Azeem Ibrahim on Richard Holbrooke
Richard Holbrooke, who died last week aged 69, had an incredible career behind him, and most of his friends thought he was not done yet.
The roll call of prestigious positions he held is testament to his extraordinary talent for foreign policy: joining the Foreign Service after failing to be hired by the New York Times, he became a civilian representative of the Agency for International Development working in the Mekong Delta. He was then staff assistant in Saigon’s US Embassy, and then Lyndon Johnson’s National Security Council, which he joined at the tender age of twenty-four. Positions as special assistant to the State Department’s Number Two and on the delegation to the 1968 Paris Peace Talks followed, and then authorship of a volume of the Pentagon Papers. He then asked to be made director of the Peace Corps in Morocco, after which he edited the then-nascent journal ‘Foreign Policy’.
He prepped candidate Jimmy Carter for his foreign policy debates, became Assistant Secretary of State for East Asian and Pacific Affairs, met Indonesia’s President Suharto to press for better human rights in Indonesia, advised both Clinton and Gore, and was appointed Ambassador to Germany. But the achievement for which he is best remembered lay ahead of him. The Dayton Accords which ended the horrifying events in the Balkans in the early nineties were an achievement which bore his imprint almost singlehandedly.
Agreed and signed in winter 1995, the agreements ended a war which had been going on for three and a half years, and on which the European countries had failed to act. Holbrooke stepped in, persuaded Clinton that action was needed, put in the work, and got the deal. Later, as special Presidential Envoy to the region, he would give Slobodan Milosevic the final ultimatum before the NATO bombs began to fall on Serbia.
He went on to become the US’ Ambassador to the UN, and President Obama’s Special Representative to Afghanistan and Pakistan, a task with a perhaps eerie resemblance to the Vietnam War where his career began.
But he was a thinker as well as a doer. Even before the 2008 election he wrote a lengthy foreign policy roundup in Foreign Affairs which covered all bases and advised the next president in clear, muscular prose.
Personally, many wondered how such a successful diplomat could be so undiplomatic. Those who crossed him knew that he could be fiery and tough. But those who knew him found that he was an incredible person to have on your side. ‘He really looked after you’, and ‘he really helped you to develop your skills and yourself as a diplomat’ are two sentiments which are widely expressed by those who worked under him.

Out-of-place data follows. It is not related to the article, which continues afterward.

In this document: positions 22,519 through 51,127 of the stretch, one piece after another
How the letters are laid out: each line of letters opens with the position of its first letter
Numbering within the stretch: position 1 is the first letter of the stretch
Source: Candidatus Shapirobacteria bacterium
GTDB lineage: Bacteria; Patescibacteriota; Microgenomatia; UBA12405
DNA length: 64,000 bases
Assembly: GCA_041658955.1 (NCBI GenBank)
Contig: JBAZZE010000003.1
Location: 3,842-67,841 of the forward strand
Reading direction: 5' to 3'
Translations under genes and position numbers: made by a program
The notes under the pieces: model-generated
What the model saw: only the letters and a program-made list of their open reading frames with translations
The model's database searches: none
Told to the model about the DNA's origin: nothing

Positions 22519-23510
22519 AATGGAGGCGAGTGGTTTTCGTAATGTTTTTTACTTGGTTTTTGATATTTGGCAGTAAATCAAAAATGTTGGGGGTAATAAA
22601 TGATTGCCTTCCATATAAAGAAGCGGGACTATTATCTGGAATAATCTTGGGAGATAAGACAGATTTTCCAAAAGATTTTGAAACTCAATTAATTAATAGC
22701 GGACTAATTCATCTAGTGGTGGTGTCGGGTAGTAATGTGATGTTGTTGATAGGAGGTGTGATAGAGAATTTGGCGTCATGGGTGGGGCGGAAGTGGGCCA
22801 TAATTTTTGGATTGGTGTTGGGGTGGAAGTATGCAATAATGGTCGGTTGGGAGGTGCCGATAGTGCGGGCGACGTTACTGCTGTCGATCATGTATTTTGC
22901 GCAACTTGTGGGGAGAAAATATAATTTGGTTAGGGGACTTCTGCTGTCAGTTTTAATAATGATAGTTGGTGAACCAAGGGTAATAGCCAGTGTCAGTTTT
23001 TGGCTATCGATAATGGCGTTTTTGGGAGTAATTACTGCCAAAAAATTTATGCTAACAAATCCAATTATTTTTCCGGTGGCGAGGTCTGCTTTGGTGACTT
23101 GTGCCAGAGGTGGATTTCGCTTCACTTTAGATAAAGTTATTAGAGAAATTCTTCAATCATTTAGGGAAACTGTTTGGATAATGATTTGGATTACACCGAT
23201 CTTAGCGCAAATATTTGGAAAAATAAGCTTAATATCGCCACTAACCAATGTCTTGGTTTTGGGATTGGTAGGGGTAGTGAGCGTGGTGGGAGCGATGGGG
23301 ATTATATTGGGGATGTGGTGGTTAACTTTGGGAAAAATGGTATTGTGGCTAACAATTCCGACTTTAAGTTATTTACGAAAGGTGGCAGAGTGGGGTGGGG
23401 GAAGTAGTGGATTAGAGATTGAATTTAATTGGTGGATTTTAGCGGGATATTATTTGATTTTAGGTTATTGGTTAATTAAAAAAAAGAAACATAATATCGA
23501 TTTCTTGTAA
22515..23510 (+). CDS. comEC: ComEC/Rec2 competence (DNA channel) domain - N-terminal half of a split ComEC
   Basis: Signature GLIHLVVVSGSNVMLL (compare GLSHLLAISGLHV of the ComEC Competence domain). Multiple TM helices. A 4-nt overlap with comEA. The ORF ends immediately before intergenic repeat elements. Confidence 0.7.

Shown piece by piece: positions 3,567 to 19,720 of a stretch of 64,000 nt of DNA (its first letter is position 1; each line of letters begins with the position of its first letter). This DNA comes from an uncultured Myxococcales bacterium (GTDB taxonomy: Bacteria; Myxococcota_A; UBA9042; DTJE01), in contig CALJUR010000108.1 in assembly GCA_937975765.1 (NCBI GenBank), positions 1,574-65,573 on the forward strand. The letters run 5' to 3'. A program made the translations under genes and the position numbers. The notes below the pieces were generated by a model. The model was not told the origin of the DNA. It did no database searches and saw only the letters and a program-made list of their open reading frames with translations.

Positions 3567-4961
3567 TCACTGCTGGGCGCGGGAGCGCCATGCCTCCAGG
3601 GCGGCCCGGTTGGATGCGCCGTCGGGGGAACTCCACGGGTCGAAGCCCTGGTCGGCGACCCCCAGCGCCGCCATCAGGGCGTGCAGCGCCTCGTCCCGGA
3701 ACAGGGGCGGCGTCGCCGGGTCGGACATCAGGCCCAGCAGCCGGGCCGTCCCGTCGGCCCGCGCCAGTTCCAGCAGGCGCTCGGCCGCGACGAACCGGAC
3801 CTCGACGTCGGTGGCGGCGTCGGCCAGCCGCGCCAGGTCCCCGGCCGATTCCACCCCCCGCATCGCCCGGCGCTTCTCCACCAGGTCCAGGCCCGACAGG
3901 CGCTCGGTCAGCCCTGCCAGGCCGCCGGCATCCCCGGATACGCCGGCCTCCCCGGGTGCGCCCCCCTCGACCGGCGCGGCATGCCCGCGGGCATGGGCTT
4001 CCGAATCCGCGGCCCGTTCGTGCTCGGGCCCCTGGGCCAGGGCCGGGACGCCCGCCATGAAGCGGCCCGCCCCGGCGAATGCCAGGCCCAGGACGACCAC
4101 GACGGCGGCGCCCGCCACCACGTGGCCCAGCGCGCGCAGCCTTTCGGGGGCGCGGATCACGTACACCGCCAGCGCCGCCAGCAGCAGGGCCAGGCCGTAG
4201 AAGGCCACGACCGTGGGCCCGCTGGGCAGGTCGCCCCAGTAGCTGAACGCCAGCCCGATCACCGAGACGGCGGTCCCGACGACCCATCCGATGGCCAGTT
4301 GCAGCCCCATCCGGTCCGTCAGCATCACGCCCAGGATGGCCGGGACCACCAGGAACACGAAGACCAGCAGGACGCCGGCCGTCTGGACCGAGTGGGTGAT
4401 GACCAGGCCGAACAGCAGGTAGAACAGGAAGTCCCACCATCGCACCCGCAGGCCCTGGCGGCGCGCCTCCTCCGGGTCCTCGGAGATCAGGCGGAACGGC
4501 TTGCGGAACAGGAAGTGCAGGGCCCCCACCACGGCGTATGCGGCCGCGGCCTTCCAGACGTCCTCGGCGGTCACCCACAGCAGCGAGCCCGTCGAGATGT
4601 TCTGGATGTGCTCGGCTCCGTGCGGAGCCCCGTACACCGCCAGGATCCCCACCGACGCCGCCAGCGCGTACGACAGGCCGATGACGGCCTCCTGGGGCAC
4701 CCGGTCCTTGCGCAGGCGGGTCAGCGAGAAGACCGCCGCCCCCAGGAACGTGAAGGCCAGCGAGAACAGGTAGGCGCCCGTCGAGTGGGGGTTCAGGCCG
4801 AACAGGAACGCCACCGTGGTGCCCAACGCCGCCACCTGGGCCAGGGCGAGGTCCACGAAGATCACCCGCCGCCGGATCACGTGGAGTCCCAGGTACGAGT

His death will be a blow to the Obama administration. An envoy is not a job into which you can rotate pretty much anyone. It requires painstaking and diligent work building up and cultivating the power players in the region, and that takes time and has to be done right.
Even if he sometimes offended, Richard Holbrooke did that work, and it will take time for anyone who steps into his shoes to do it again for themselves. It is hoped that whoever succeeds him understands that lesson as well as he did.
There was talk of the possibility of his becoming the next Secretary of State. We will never know how things might have been different had that happened, and it will always remain a history of an alternative Obama Presidency which will never be written. But in his time in the diplomatic saddle and at the centre of the US foreign policy and diplomatic milieu for three decades, he had already made an incredible impact.
Will his death change the Obama administration’s policy in the region? No, as it was very much the President’s policy in the first place. Holbrooke himself would have done things rather differently, as his sceptical dispatch about Hamid Karzai in the run-up to the policy review proved.
But will it change the execution of the policy? Yes, and most likely in two main ways. Firstly, his replacement is likely to get on better with the Afghan leader, who Holbrooke mistrusted and called erratic, and who even refused to meet the diplomat on occasion.
But secondly, the job is unlikely to be taken on by anyone with more experience or street smarts than Holbrooke. His address book was full of every major player in the Afghanistan-Pakistan region, decades worth of diplomacy had given him the benefit of numerous words of advice from various leaders and diplomats around the world and on the ground experience, and, a rarer quality still, he could and did draw on an encyclopaedic knowledge of history and cite historical paralells and precedents for many of the thorniest problems he encountered throughout his career.
His death does not endanger the administration’s policy, but the difficulty of finding someone else who will be able to pursue it with the same energy, drive and intelligence is an eloquent testament to his abilities.
Azeem Ibrahim is a Research Scholar at the Kennedy School of Government at Harvard University, Member of the Board of Directors at the Institute of Social Policy and Understanding and Chairman and CEO of Ibrahim Associates.
This article was published by Islamic Monthly on January 25, 2011.